19. You are invited to comment on this draft Determination, including the proposed date of effect and compliance approach. Please forward your comments to the contact officer by the due date.

20. A compendium of comments is prepared when finalising this Determination, and an edited version (names and identifying information removed) is published to the Legal database on ato.gov.au.

21. Please advise if you do not want your comments included in the edited version of the compendium.

Due date: 4 November 2022
Contact officer details have been removed following publication of the final determination.


You are free to copy, adapt, modify, transmit and distribute this material as you wish (but not in any way that suggests the ATO or the Commonwealth endorses you or any of your services or products).


All further references to 'this Determination' refer to the Determination as it will read when finalised. Note that this Determination will not take effect until finalised.

While not within the scope of this Determination, consideration also needs to be given to the potential application of the personal services income rules in Part 2-42.

See Australian Consolidated Press Ltd v Ettingshausen [1993] NSWCA 10 at [7].

See Honey, G. v. Australian Airlines Ltd & Anor [1989] FCA 234. An example of such a business is where professional sportspersons engage in commercially exploiting their sporting prowess and associated celebrity through promotional activities - see Spriggs v Commissioner of Taxation [2009] HCA 22.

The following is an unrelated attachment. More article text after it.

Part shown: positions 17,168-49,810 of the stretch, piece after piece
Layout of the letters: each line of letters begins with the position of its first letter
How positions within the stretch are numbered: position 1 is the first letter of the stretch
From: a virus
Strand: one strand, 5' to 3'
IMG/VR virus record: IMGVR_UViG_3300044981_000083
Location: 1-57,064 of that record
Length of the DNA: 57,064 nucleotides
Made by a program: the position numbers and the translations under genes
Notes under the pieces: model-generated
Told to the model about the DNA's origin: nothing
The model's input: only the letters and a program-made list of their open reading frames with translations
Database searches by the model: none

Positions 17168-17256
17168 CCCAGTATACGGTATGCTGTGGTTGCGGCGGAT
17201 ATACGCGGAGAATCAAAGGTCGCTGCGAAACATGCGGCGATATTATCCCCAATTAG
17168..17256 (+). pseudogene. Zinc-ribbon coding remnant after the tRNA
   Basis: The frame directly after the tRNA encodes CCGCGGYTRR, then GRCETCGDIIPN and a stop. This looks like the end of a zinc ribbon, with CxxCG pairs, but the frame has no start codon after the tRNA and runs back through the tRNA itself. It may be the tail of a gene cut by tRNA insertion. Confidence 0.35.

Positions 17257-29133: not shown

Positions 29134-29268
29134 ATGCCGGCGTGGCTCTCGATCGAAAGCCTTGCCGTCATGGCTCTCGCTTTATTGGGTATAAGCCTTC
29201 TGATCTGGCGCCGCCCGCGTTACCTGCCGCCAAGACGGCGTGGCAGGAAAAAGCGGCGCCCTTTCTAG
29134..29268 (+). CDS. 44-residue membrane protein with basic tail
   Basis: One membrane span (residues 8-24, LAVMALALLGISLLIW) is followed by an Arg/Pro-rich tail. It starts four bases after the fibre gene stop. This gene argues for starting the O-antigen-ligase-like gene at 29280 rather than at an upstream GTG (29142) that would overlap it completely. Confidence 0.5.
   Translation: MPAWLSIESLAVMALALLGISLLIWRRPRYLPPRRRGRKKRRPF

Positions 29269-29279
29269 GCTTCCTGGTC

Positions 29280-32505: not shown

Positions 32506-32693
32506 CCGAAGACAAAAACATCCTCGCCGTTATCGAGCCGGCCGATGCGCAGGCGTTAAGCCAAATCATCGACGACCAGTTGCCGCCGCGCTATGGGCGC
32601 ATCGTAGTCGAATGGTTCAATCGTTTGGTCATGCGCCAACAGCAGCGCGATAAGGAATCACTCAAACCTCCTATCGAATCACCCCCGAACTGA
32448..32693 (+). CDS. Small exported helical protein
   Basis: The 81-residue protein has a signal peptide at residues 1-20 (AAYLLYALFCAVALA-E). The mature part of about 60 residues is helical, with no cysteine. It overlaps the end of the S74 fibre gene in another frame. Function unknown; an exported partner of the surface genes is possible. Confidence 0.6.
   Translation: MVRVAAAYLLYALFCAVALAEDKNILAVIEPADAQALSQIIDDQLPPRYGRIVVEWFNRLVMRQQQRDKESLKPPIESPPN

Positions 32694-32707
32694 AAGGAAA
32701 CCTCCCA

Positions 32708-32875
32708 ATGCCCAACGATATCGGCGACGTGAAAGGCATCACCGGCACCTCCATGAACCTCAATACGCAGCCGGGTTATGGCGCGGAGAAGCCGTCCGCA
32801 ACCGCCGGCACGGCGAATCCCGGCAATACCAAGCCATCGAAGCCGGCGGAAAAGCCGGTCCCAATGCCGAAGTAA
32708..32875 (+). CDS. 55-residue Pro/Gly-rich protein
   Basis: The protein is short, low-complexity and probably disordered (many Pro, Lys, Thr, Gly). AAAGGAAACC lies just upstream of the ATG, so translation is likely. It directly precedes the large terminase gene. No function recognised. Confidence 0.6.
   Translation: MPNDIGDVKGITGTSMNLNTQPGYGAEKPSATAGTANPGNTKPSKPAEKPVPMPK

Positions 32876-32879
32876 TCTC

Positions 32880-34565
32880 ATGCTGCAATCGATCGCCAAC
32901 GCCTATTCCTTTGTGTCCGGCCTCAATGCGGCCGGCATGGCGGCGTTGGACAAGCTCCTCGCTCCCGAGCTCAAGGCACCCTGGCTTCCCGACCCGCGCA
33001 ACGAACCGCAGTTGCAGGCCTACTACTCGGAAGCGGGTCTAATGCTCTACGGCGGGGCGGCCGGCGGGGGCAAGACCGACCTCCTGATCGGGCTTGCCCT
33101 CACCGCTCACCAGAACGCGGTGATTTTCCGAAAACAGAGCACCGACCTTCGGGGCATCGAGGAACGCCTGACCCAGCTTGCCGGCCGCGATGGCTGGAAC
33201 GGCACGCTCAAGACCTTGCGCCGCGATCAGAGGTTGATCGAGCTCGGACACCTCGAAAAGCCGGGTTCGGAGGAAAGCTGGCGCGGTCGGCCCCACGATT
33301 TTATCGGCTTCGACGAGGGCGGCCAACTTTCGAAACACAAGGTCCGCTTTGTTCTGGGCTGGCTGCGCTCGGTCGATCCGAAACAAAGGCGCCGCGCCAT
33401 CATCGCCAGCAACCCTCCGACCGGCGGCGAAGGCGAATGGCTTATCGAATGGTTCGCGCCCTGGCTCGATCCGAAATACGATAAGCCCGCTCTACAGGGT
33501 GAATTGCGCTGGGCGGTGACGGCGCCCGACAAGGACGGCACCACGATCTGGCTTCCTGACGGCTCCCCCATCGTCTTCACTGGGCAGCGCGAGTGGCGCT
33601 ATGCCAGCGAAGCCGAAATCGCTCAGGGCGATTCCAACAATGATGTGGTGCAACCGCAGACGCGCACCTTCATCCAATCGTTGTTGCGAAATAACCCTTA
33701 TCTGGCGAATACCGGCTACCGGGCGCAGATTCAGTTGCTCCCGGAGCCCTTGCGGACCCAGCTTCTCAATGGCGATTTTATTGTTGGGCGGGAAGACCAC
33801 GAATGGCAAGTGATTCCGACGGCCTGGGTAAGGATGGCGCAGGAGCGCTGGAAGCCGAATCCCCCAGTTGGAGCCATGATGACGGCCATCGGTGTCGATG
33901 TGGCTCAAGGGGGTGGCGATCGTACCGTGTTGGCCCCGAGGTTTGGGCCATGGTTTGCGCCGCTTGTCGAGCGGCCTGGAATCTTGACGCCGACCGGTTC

It is acknowledged that in some cases copyright, trademark or registered design-rights legislation may provide certain statutory rights that are proprietary but this Determination is about the general exploitation of the image separate from any such rights.

In the tort of 'passing off' or under section 18 of Schedule 2 of the Competition and Consumer Act 2010.

'Passing off' is conducting business in a way that misleads the public into thinking your goods or services are those of another business.

For the Commissioner's view on the taxation treatment of 'personal goodwill', see paragraph 59 of Taxation Ruling TR 1999/16 Income tax: capital gains: goodwill of a business.

ConAgra Inc v McCain Foods (Aust) Pty Ltd [1992] FCA 176; Irvine v Talksport Ltd [2002] 1 WLR 2355; JT International SA v Commonwealth of Australia [2012] HCA 43.

Hospital Products Ltd v United States Surgical Corporation [1984] HCA 64; Commissioner of Taxation v. Just Jeans Pty Ltd [1987] FCA 218.

See JH Coles Pty Ltd v Need (1933) 49 CLR 499 at [503].

Although the fee is paid to the related entity on the individual's behalf and in accordance with their direction in respect of their image, that fee is taken to be derived by the individual under subsection 6-5(4).


ATO references:

ISSN: 2205-6211

Related Rulings/Determinations:

TR 1999/16
TR 2006/10

Business Line:  SMB

Legislative References:
ITAA 1997 6-5
ITAA 1997 6-5(4)
ITAA 1997 Pt 2-42
ITAA 1936 Pt IVA
Competition and Consumer Act 2010 Sch 2 18

Case References:
Australian Consolidated Press Ltd v Ettingshausen
[1993] NSWCA 10

Commissioner of Taxation v. Just Jeans Pty Ltd
[1987] FCA 218
16 FCR 110
87 ATC 4373
18 ATR 775
72 ALR 213 86

ConAgra Inc v McCain Foods (Aust) Pty Ltd
[1992] FCA 176
33 FCR 302
23 IPR 193
106 ALR 465
[1992] AIPC 38,408

Honey, G. v. Australian Airlines Ltd & Anor
[1989] FCA 234
(1989) ATPR 40-961
14 IPR 264

Hospital Products Ltd v United States Surgical Corporation
[1984] HCA 64
156 CLR 41
58 ALJR 587
55 ALR 417
4 IPR 291

Irvine v Talksport Ltd
[2002] 1 WLR 2355
[2002] EWHC 367

JH Coles Pty Ltd v Need
49 CLR 499
7 ALJ 360
[1934] ALR 13
1A IPR 388
[1934] AC 82

JT International SA v Commonwealth of Australia
[2012] HCA 43
250 CLR 1
86 ALJR 1297
291 ALR 669
[2013] ALMD 712

Spriggs v Commissioner of Taxation
[2009] HCA 22
239 CLR 1
83 ALJR 749
256 ALR 596

Other References:
PCG 2017/D11